ports of the Mediterranean, and some 
trade of the same kind carried on by British 
merchants between the different parts of India, 
make, perhaps, the principal branches of 
what is properly the carrying trade of Great 
The extent of the home trade, and of the 
capital which can be employed in it, is necessarily 
limited by the value of the surplus produce 
of all those distant places within the 
country which have occasion to exchange their 
respective productions with one another; that 
of the foreign trade of consumption, by the 
value of the surplus produce of the whole 
country, and of what can be purchased with 
it; that of the carrying trade, by the value of 
the surplus produce of all the different countries 
in the world. Its possible extent, therefore, 
is in a manner infinite in comparison of 
that of the other two, and is capable of absorbing 
the greatest capitals
The consideration of his own private profit 
is the sole motive which determines the owner 
of any capital to employ it either in agriculture
in manufactures, or in some particular 
branch of the wholesale or retail trade. The 
different quantities of productive labour which 
it may put into motion, and the different values 
which it may add to the annual produce 
of the land and labour of the society, according 
as it is employed in one or other of those 
different ways, never enter into his thoughts
In countries, therefore, where agriculture is 
the most profitable of all employments, and 
farming and improving the most direct roads 
to a splendid fortune, the capitals of individuals 
will naturally be employed in the manner 
most advantageous to the whole society
The profits of agriculture, however, seem to 
have no superiority over those of other employments 
in any part of Europe. Projectors, 
indeed, in every corner of it, have, within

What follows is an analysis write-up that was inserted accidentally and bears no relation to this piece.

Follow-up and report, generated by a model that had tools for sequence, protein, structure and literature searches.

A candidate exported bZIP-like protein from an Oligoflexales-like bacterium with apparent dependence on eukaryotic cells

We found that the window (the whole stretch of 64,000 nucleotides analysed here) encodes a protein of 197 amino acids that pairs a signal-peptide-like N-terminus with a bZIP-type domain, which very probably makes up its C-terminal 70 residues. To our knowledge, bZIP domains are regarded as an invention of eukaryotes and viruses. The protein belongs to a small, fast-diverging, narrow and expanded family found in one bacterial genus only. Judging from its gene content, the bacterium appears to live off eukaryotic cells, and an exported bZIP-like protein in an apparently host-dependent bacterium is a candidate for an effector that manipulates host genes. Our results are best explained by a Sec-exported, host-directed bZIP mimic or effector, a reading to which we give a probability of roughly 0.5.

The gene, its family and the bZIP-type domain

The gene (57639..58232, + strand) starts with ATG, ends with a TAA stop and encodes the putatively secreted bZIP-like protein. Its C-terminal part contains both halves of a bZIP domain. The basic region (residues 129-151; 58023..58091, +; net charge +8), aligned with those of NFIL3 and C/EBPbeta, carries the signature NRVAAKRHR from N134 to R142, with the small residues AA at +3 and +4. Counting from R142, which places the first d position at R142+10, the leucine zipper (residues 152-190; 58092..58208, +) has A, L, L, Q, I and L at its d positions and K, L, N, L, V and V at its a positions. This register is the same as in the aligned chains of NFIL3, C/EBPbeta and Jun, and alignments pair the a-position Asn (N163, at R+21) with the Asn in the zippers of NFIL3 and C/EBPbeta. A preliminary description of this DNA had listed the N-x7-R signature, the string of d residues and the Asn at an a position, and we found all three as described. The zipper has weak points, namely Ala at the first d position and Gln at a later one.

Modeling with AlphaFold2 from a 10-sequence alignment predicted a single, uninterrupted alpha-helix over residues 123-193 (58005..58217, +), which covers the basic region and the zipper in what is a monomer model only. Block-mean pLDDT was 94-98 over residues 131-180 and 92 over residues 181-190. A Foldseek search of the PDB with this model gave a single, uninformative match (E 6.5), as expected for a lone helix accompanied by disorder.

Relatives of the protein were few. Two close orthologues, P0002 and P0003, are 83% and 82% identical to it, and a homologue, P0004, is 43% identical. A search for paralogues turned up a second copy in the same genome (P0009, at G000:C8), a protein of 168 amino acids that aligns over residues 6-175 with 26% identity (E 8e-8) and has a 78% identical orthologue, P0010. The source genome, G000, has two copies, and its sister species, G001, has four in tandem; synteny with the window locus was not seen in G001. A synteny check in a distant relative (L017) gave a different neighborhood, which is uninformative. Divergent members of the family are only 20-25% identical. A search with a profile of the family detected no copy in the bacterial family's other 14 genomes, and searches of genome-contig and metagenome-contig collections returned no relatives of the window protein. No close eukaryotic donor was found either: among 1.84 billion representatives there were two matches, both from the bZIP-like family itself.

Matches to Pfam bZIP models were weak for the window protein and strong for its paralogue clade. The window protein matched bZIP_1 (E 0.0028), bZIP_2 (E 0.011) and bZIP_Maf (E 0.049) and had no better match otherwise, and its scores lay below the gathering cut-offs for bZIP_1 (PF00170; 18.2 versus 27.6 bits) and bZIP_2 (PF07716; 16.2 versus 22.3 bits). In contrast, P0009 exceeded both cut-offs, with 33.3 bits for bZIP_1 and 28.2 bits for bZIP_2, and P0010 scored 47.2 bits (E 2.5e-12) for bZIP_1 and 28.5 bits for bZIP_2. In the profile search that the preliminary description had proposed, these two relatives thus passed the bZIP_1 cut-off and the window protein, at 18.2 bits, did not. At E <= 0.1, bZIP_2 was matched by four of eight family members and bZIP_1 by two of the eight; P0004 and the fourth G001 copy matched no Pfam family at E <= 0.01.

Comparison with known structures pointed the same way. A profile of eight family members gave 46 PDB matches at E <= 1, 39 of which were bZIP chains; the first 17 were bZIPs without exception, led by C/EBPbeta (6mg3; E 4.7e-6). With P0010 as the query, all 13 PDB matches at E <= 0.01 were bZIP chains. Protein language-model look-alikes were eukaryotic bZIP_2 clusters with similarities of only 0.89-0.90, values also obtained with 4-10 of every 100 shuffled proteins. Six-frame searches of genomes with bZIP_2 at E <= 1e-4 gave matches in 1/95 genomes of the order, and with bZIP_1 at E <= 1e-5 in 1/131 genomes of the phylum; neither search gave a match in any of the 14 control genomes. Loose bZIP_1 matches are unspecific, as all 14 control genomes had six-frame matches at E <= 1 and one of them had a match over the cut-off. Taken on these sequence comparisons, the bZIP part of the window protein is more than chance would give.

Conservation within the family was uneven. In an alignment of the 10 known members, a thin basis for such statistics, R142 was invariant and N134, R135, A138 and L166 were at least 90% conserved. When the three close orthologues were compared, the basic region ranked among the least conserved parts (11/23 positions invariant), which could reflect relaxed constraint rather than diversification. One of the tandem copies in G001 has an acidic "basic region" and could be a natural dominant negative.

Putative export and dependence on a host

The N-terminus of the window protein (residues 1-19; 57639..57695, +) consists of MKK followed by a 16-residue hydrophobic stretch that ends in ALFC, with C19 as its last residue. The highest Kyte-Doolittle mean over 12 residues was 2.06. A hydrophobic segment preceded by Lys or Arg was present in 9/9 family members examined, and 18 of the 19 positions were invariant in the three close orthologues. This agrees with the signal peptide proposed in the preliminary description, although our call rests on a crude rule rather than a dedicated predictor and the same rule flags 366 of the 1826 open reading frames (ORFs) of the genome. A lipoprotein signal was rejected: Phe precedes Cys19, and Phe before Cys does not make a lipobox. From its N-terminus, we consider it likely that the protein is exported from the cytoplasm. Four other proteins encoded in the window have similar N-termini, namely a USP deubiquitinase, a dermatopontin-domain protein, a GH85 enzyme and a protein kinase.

these few years, amused the public with most 
magnificent accounts of the profits to be made 
by the cultivation and improvement of land
Without entering into any particular discussion 
of their calculations, a very simple observation 
may satisfy us that the result of them 
must be false. We see, every day, the most 
splendid fortunes, that have been acquired in 
the course of a single life, by trade and manufactures
frequently from a very small capital
sometimes from no capital. A single instance 
of such a fortune, acquired by agriculture 
in the same time, and from such a capital
has not, perhaps, occurred in Europe, during 
the course of the present century. In all the 
great countries of Europe, however, much 
good land still remains uncultivated; and the 
greater part of what is cultivated, is far from 
being improved to the degree of which it is 
capable. Agriculture, therefore, is almost 
everywhere capable of absorbing a much greater 
capital than has ever yet been employed in 
it. What circumstances in the policy of Europe 
have given the trades which are carried 
on in towns so great an advantage over that 
which is carried on in the country, that private 
persons frequently find it more for their advantage 
to employ their capitals in the most 
distant carrying trades of Asia and America
than in the improvement and cultivation of 
the most fertile fields in their own neighbourhood
I shall endeavour to explain at full 
length in the two following books